A Forward by the Webmaster of An Incomplete Glossary to Robert Graves's The White Goddess

The White Goddess, as the subtitle "a historical grammar of poetic myth" suggests, examines the nature of the poem in the western world. Graves says that the true poem as compared to verse makes the hair on the back of your neck stand on end or makes a shiver go down your spine. As a poet, Graves is interested in what makes this happen, what distinguishes a poem from merely verse.

Graves's thesis on this is that poetry, the art of the bardic orders of the Celts and of their counterparts throughout the Indo-European world, tells parts of the story of the triple goddess of the moon and her consort the god of the hunt. In proving his thesis, Graves first starts by examining two Celtic poems, Cad Goddeu (The Battle of the Trees) and Hanes Taliesin, but soon starts tracking the migration of the Celtic and pre-Celtic or Danaan people across Europe and Asia. This process involves a simple yet interwoven correspondence of deities (hence the reason for this glossary).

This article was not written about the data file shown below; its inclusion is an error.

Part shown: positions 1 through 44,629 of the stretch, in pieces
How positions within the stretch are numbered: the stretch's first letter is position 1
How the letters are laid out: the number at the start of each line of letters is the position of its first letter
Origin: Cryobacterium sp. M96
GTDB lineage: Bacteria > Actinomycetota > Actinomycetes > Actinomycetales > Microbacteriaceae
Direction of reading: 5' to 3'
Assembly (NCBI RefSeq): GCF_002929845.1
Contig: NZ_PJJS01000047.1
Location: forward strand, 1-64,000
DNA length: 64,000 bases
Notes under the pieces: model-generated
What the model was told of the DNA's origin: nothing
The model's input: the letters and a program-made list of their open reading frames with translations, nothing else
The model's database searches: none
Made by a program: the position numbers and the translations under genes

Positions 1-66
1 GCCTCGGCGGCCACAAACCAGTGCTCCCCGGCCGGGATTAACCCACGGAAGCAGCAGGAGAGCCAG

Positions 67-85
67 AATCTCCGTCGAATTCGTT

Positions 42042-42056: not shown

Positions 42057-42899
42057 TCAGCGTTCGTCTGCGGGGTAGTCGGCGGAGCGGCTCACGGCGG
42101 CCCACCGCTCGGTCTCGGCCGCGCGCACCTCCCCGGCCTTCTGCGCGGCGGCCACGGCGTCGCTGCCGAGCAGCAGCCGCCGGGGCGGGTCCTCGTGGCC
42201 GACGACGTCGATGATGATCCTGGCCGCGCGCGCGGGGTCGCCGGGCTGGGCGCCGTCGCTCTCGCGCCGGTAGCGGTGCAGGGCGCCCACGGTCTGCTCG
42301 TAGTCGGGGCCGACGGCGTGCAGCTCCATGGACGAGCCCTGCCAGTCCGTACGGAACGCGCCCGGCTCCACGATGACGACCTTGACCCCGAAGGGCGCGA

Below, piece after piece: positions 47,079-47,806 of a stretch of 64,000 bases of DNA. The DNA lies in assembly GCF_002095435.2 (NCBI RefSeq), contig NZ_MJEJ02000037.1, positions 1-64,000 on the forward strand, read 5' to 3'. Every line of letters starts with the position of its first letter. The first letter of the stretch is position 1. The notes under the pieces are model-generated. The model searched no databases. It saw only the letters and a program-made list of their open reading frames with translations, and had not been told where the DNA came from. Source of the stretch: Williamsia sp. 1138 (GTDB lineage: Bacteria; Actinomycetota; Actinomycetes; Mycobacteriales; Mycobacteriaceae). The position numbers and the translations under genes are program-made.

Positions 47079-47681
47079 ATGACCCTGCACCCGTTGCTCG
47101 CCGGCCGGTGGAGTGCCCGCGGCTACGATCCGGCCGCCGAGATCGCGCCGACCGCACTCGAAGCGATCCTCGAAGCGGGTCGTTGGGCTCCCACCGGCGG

Note that Robert Graves is a poet who works as a translator and author. He is not an anthropologist or historian and much of what he presents in this book is considered wrong by people of those branches of academia. Graves defends his work by saying that as a poet perhaps he can see through the preconceived notions of the academic students of the Indo-European peoples. It is up to you, reader, to make up your own mind on this issue, but I recommend you follow my links page to Recommended Books on Druidism and Indo-European Paleopaganism and do your own research.

So why would one want to even read The White Goddess? Despite Graves's foray into anthropology, he still presents an interesting thesis on poetry, worth the reading of any student of poetry. Also, the book displays the workings of Graves's mind, as he treks from Ireland to India in search of clues to his thesis, along the way exploring the insoluble riddles of antiquity, such as how to untie the Gordian Knot and why the anti-Christ has the number 666.

So in the words of Apuleius (and a translation of Graves), read on and enjoy yourself!

Back to the Glossary

Unless otherwise noted, all content © 1999 - 2001 Ted Snyder. All Rights Reserved. ted@moonlitdesign.com